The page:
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North Hills Monthly

Frankferd Farms Promotes Sustainable Farming through Solar Energy

Jun 01, 2015 11:31AM ● By Jill Cueni Cohen
Along with his wife, Betty, Saxonburg business owner T. Lyle Ferderber, 57, has cultivated a good life and a growing business out of nothing more than grains of wheat and the desire to support their family in the same reliable way that their ancestors did before them. “We love the life of self-sufficiency,” declared Ferderber from his 100-year-old barn on his award-winning farm, which is now powered partly by solar energy.

Last year, the Pennsylvania Association for Sustainable Agriculture (PASA) presented Frankferd Farm Foods with the Sustainable Ag Business Leadership Award. According to Brian Snyder, PASA’s executive director, Ferderber exemplifies the spirit of sustainability in agriculture and food systems, having demonstrated the versatility and resilience required of those leading the way to a sustainable food future. The award is a recent development, but the Ferderber’s mission to live off the land has been underway for decades.

“We’ve been milling flour for 38 years and organic farming for 40 years,” said Ferderber, noting that he won the award because of his most recent method of using solar energy to add value to his business. “We supply up to 60 percent of the needs of our farm, home and flour mill with solar energy.”

As one of the world’s first solar-powered flour mills, Frankferd Farms is not only providing energy for itself, but is also able to sell the unused portion of the captured sunshine back to the power company. “It’s a pretty simple system,” said Ferderber. In 2011, he installed a 10.7-kilowatt solar array of 44 panels—each one of which can generate 230 watts of electricity—on his farm. “By the time they got up and running on June 1, we were so excited that we put a larger array in our business on Saxonburg Boulevard,” he said.

The 16.7-kilowatt solar array on Frankferd Farms’ food warehouse store in Saxonburg generates enough electricity to power walk-in coolers and industrial-sized freezers. “They provide 25 percent of our power,” Ferderber said, adding that the solar panels are virtually maintenance-free. “You build them, check on them once in a while, and let them go.”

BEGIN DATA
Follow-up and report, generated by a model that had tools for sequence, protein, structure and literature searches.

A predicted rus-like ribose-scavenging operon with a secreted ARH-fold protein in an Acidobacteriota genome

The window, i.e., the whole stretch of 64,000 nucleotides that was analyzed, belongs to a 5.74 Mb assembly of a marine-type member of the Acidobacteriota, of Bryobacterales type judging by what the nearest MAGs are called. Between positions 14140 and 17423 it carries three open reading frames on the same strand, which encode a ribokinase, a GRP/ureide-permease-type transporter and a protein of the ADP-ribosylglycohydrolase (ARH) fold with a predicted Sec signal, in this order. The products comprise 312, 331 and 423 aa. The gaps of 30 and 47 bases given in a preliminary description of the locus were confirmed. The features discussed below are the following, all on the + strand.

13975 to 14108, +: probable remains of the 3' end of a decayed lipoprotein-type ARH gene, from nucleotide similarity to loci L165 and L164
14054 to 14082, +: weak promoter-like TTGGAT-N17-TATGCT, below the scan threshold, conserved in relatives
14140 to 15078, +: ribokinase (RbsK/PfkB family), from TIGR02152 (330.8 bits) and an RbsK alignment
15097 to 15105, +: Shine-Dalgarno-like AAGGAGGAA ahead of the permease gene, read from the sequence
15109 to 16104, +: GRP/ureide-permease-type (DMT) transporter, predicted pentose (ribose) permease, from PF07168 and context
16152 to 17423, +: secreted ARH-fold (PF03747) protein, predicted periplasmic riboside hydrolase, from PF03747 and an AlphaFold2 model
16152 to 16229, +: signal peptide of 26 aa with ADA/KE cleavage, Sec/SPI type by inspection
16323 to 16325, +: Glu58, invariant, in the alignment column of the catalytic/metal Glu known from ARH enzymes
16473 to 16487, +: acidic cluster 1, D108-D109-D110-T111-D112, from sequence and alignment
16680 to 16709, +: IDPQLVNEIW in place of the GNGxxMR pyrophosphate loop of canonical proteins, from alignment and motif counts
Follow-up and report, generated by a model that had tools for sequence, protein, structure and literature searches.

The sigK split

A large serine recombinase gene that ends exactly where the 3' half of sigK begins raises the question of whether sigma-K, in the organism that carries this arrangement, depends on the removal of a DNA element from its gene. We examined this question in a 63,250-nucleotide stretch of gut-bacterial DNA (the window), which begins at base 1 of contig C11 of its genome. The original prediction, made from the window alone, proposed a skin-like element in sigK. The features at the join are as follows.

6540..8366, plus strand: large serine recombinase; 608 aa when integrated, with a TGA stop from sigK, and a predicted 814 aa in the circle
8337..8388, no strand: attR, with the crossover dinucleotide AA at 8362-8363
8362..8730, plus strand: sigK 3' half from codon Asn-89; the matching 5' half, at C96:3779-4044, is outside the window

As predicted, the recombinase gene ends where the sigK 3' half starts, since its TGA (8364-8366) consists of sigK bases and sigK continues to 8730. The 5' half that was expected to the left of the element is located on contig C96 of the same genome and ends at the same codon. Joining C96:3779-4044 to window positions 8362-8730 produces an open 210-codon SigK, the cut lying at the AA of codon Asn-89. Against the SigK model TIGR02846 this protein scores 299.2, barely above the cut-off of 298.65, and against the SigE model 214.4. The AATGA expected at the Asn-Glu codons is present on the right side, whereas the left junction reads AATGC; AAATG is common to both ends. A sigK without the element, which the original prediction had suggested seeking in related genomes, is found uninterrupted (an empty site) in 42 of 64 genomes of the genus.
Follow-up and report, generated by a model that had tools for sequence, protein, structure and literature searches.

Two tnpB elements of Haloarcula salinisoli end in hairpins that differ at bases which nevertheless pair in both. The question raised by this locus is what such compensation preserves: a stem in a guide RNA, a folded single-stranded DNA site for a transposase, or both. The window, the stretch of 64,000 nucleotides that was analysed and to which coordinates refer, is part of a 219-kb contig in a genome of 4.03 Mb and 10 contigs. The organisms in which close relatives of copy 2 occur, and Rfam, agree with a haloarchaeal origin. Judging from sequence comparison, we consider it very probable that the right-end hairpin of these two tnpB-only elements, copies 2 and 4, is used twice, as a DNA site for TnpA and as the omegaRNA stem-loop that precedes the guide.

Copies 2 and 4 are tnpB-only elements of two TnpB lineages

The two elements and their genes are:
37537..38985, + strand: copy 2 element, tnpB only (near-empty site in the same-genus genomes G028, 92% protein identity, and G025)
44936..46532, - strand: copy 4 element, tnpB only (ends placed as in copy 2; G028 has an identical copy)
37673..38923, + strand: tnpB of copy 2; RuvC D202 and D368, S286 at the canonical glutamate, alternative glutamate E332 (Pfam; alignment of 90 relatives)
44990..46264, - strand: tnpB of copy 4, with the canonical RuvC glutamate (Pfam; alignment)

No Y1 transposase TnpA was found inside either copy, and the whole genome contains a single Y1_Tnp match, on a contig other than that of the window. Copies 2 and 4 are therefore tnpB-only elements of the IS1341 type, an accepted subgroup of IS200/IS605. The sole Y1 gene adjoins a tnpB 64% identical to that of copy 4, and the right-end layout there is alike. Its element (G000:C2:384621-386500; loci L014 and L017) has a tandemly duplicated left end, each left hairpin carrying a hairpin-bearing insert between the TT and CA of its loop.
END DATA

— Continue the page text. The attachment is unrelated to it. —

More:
Ferderber said that PASA is leading the way in what he calls value-added farming. “If you’re a dairy farmer, and you also make and sell your own cheese, then you’ve added value to the milk,” he explained, noting that this is an important strategy that organic farmers must use to be sustainable and profitable in today’s economy. “We’ve been doing that for three decades and more.”

Harvesting sunshine has been his latest smart move, despite the fact that in the past five years since Ferderber made the investment, the cost of solar panels has dropped approximately 30 to 40 percent. “Back when we installed them, the 11-kW array was $50,000, and the 16-kW was $70,000,” he recalled, adding, “I like to say we took one for the team.”

Ferderber explained that solar energy is a great alternative to conventional fuel sources, and he has no regrets. “It’s like debating whether or not to get a better car; but if you don’t buy now, you don’t provide the impetus for others to buy more in the future,” he said, noting that he has played his part in making the cost go down. “We’ve had that debate with people who are thinking about it themselves, and we always say ‘You should just do it.’ It’s not like we’re anti-petroleum, but we’re pro-alternatives. The oil will last longer when alternatives are embraced.”